Victor continued making changes within the Church as he wrote and spoke in Latin, becoming the first non-Greek-speaking pope in the leadership’s history. In doing so, he became the first pope to conduct liturgy and write documents in the Romantic language.

His most notable contribution came through his hardened unification of Easter Sunday. During his reign, Catholics in the East celebrated Passover over Easter compared to their western counterparts. Victor made a decree that Christians would celebrate the resurrection on a specific day. Some factions ignored his orders despite the threat of excommunication from the Church. Some bishops within the Church came out against him, leading to the Quartodeciman controversy.

Pope Victor I reportedly continued the position until 199 AD when he passed away. He immediately ascended to martyrdom upon his death as Saint Victor.

Saint Victor I may have ruled with an iron fist, but he made his mark during his ten short years as the pope. His contributions as a religious and community leader changed how Christians celebrated Jesus’ resurrection.

Forgotten Female Figures: Ella Baker

As the Mother of the Civil Rights Movement, Ella Baker helped shape and mold a movement that would change the world. Baker was the middle child of three born in Norfolk, Virginia, before moving to North Carolina following a race riot. She grew up listening to her grandmother tell stories from slavery, stoking her quest for social justice. After graduating high school, she attended the HBCU Shaw University, where she graduated with honors.

Following graduation, Baker moved to Harlem to seek work but got involved in multiple civil justice organizations. Her time in Harlem was fruitful as she balanced her work at the National Negro News and the WPA with her community efforts as a member of the Young Negroes Cooperative League. In 1938, the civil rights leader began her longtime association with the NAACP, starting as field secretary before becoming National Director of Branches from 1944 to 1946. She eventually stepped down from the position for family reasons before returning to the New York branch as its president (the first woman to hold said position).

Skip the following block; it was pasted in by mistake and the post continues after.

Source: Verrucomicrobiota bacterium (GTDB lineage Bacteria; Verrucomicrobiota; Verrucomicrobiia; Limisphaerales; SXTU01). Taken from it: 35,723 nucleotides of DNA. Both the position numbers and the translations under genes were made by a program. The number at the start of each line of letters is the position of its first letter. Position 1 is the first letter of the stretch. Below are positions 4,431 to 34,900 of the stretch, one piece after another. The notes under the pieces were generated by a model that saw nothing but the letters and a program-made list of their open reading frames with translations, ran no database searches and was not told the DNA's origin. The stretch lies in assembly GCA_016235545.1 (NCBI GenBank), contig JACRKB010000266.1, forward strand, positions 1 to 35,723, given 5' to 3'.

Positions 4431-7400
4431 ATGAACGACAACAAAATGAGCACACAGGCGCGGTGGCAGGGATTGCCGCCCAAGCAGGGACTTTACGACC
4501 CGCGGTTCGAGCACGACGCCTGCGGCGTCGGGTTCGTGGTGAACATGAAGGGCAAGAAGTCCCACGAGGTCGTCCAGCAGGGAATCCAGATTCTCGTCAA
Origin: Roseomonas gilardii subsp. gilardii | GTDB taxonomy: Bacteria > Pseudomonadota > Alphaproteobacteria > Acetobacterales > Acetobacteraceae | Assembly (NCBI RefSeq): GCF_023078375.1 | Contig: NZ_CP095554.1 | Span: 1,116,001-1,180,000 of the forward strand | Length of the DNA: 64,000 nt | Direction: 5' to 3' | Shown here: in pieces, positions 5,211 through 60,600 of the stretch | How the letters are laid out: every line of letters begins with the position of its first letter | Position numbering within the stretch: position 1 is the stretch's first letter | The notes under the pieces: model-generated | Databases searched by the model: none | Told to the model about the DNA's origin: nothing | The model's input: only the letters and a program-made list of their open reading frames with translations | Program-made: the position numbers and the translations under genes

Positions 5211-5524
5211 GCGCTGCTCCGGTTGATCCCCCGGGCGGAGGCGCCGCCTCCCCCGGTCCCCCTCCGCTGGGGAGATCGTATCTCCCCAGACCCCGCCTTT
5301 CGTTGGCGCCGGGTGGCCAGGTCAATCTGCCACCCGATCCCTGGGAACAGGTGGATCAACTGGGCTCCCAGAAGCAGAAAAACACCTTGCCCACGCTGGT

Baker desired to move back down South, leading her to relocate to Atlanta, Georgia. The activist helped to form the influential civil rights organization, Southern Christian Leadership Conference (SCLC), along with Bayard Ustin, C.K. Steele, Martin Luther King Jr., Fred Shuttlesworth, Joseph Lowery, and Ralph Abernathy. She played a significant role by framing the issues and setting the group’s agenda. However, she faced resistance from the predominately male leadership, including Dr. King, upon her appointment as interim executive director. This schism and differences in activism philosophies led her to leave the organization in 1960.

Her frustration turned to action as she helped form the student-led activist organization Student Nonviolent Coordinating Committee (SNCC) with students at her alma mater. Baker mentored future civil rights leaders like Julian Bond, Diane Nash, and Stokely Carmichael. At the same time, she helped organize the Mississippi Freedom Democratic Party (MFDP) to fight for voting rights. She backed away from SNCC as the organization pivoted toward the Black Power movement.

In her later years, Baker worked for the Southern Conference Education Fund (SCEF), where she aided in getting federal civil rights legislation passed by Congress. She eventually returned to New York, continuing her activist work through various causes and organizations. The civil rights leader died on her 83rd birthday, December 13, 1986, from natural causes.

Ella Baker served as a voice for those who faced discrimination and prejudice in trying to advance society. She fought for Black women to have a seat at the table in the fight for civil rights and equality. Unfortunately, her contributions as a civil rights leader weren’t the proper credence during or after her time. While history may refer to her as a footnote, I will say, “Ms. Baker, we appreciate all you did to make life better for future generations.”

Give light and people will find the way.

Ella Baker